Mémorial de Caen
If you are visiting the D-Day beaches in Normandy, I strongly suggest you visit this museum first. Only then will you truly know what you are looking at, when visiting the beaches.
I came out teary eyed, from that museum. And when seeing the beaches afterwards, in all honesty they are simply beaches... it makes it all so vivid what happened there many years ago.
The museum takes you through the darkest times of WWII, then literally leads you up to the light, the here and now, out of that horror.
The Caen Memorial was born out of the desire to create a place for reflecting on wars on the basis of the experience of the memorable events that took place in Caen and the region during the summer of 1944. (text from website)
This is the most impressive, emotionally charged museum I have ever visited.
Visit La Trinite Church of the Abbaye aux Dames
As another part of the penance for their "consanguineous" marriage Matilda, wife of William the C., also built the Abbaye aux Dames with a church La Trinite, founded in 1062 and finished after much ongoing modification in 1120. The simple West front was distorted in the 19C; its fine steeples were destroyed earlier. It still shows the "H" form like its brother. The interior is Norman Romanesque with 2-bay sexpartite vaulting. It has a very long nave. There is a blind triforium to keep the 3 tier elevation. The apse was built last and is 2 story with quadripartite covering and an oven-vault end.
"William the Conqueror"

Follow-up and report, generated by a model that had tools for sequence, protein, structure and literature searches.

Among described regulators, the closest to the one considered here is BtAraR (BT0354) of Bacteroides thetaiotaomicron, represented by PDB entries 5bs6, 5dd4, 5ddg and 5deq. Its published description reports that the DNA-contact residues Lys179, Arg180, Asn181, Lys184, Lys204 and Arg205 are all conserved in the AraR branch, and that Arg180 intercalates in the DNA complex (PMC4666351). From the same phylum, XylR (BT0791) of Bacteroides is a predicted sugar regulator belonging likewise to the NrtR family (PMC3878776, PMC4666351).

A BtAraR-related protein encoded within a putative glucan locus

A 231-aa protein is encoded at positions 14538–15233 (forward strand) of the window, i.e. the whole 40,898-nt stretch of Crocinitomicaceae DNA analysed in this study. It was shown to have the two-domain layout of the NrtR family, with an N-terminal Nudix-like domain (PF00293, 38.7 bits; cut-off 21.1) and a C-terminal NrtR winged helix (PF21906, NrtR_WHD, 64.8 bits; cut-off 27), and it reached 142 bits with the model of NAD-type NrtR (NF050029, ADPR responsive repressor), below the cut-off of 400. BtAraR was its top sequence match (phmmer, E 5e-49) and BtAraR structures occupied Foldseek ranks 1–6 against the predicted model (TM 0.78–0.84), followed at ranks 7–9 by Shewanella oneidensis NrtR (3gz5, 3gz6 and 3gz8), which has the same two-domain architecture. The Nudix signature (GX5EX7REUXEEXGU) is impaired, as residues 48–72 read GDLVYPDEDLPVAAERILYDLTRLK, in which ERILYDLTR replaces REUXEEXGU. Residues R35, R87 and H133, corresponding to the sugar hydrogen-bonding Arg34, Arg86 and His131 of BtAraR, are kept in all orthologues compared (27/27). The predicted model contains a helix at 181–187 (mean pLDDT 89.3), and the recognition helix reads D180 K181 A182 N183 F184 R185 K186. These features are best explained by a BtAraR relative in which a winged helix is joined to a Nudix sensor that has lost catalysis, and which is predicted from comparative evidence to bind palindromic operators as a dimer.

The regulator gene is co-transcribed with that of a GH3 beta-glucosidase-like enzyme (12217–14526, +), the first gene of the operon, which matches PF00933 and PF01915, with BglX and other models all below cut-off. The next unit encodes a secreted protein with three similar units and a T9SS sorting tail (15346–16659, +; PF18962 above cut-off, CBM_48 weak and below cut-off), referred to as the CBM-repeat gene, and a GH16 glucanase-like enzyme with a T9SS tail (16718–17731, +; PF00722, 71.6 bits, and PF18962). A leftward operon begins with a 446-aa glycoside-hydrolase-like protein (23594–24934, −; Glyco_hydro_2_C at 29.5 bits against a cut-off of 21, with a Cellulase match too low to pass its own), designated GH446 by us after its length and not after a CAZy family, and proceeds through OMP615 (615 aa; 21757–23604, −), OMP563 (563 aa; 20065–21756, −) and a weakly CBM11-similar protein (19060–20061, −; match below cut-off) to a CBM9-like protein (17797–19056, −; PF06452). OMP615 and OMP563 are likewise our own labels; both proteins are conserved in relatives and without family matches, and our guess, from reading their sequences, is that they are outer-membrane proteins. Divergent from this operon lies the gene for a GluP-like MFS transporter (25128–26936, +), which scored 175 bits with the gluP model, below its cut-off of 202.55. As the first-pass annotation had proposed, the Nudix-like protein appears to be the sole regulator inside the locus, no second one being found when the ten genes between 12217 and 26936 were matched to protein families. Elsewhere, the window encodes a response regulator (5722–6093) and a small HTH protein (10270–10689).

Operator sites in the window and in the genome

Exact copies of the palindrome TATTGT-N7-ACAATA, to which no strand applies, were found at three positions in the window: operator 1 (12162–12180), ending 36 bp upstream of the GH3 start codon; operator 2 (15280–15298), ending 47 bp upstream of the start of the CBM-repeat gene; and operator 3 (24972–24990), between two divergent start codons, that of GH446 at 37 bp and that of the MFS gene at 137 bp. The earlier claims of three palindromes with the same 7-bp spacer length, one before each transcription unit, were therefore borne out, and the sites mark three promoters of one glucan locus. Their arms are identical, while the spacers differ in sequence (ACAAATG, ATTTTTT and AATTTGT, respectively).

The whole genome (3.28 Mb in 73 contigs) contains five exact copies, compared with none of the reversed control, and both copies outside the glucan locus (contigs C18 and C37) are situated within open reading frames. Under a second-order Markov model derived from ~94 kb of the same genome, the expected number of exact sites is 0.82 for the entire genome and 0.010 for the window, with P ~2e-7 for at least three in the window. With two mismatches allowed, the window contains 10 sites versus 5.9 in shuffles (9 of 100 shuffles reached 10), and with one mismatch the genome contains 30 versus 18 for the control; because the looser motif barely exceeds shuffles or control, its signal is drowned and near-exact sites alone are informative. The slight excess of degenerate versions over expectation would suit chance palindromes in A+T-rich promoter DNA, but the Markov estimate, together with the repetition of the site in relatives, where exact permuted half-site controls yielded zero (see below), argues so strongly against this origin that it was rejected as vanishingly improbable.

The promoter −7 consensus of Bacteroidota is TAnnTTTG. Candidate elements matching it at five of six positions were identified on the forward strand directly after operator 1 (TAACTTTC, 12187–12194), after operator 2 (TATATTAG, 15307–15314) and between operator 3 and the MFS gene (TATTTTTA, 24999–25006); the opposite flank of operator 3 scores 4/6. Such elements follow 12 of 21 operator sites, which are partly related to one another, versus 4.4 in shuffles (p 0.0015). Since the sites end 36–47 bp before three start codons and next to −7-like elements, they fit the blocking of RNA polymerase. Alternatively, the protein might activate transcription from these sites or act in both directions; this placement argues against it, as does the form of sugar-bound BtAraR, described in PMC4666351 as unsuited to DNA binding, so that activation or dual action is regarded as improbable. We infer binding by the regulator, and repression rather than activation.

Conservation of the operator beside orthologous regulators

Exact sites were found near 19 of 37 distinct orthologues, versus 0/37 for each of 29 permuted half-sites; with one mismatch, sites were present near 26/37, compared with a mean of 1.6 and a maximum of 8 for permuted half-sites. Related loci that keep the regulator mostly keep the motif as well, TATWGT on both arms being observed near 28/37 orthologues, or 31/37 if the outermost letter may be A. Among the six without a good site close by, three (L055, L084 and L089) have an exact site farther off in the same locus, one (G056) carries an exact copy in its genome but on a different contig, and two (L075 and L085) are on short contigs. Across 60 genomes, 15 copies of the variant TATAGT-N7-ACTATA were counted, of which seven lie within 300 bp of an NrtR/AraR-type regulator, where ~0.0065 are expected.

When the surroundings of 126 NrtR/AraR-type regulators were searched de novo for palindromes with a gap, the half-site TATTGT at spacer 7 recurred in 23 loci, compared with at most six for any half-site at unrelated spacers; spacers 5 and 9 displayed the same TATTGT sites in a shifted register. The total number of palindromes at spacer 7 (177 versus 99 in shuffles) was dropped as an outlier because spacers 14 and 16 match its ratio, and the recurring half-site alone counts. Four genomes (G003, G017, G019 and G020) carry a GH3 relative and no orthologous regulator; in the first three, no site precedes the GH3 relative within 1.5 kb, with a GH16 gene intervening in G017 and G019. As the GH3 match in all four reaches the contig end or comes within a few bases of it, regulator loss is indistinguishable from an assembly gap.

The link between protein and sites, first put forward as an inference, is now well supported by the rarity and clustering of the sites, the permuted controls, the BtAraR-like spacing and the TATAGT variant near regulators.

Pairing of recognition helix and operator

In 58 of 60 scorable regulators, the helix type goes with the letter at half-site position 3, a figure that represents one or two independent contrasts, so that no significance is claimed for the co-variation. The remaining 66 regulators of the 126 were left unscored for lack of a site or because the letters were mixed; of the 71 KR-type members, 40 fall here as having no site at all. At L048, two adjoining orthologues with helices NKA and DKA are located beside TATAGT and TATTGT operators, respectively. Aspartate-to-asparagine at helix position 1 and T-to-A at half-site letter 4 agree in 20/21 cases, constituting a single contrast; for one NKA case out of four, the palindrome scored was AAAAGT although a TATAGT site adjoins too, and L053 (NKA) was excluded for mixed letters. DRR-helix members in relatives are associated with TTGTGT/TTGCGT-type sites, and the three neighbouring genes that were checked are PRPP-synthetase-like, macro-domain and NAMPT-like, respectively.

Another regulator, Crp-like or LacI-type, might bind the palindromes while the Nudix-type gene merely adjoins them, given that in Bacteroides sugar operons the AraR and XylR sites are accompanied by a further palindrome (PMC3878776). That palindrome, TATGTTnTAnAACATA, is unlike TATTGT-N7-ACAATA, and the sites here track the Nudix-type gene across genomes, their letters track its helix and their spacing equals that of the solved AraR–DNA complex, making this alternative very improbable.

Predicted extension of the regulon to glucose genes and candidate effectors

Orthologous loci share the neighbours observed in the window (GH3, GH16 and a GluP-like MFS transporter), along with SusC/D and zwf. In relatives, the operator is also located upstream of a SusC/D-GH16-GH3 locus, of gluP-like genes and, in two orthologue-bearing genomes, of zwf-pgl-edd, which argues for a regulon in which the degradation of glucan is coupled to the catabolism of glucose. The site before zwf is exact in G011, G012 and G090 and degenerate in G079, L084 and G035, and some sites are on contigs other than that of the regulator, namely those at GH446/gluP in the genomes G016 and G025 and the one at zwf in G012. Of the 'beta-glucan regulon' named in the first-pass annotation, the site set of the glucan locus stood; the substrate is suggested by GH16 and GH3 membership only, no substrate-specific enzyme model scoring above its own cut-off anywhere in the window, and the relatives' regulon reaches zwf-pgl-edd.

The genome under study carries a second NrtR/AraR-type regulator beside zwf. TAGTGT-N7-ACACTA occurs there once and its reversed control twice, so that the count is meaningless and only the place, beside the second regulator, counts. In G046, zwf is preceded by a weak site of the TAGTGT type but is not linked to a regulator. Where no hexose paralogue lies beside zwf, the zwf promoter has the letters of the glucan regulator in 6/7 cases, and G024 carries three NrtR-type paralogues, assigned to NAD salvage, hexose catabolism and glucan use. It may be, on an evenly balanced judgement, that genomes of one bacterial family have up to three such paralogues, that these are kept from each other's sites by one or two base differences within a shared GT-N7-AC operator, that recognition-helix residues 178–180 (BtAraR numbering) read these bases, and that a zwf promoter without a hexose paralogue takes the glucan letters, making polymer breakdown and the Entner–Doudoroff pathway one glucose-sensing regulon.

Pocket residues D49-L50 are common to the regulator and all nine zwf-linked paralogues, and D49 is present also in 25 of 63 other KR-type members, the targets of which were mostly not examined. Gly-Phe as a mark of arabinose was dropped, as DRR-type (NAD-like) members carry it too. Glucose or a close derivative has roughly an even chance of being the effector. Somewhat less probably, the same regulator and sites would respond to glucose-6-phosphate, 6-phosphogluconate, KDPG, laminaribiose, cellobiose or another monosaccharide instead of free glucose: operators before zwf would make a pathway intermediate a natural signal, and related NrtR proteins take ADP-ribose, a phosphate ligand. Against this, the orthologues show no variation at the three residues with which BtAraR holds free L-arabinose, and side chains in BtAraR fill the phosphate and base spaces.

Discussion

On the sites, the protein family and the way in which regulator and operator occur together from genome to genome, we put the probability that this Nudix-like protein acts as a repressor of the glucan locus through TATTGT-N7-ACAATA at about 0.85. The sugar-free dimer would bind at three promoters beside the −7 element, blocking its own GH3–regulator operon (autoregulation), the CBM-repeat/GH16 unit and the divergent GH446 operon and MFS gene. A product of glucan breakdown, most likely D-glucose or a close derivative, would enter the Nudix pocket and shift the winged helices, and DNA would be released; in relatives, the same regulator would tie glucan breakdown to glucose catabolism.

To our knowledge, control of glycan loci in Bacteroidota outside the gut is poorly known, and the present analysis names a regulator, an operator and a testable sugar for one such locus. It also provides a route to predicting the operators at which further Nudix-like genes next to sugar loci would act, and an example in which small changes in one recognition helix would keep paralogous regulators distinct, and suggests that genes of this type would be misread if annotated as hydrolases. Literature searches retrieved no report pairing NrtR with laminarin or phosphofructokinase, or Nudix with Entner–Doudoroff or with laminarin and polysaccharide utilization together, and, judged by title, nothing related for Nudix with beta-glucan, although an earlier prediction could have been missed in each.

Caen is the beautiful capital city of the Region Basse-Normandie and of the département of Calvados and deserves this role, since it has experienced all the joyful and sad events that touched the region in the past.
Caen was a small village on rivers Orne and Odon when Guillaume Duke of Normandie decided in 1061 to buiuld two abbeys there. After becoming king of England as William the Conqueror, he elected Caen as his fixed residence and had a castle built. This choice marked the start of a long period of prosperity for the town.
"The French revolution and Charlotte Corday"
Caen played an important role in the French revolution: it was from here that Charlotte Corday left to Paris to kill Jean-Paul Marat in his bath in 1793. That murder was one of the most relevant facts of the post-revolutionary times and French artist Jacques-Louis David painted The death of Marat. Charlotte Corday was guillotined four days after killing Marat.
"The landing on Normandie"
The last important, but tragic, event that Caen had to experience was the landing on Normandie. At the end of the military operations that began on 6th June 1944 (D-Day), more than 70 percent of the city had been destroyed. Luckily, most monuments and buildings have been rebuilt an drestored and today Caen, with around 113,000 inhabitants, has become as prosperous as in the Middle Ages, thanks to its harbour, industries and cultural life.
Visit Caen and enjoy it!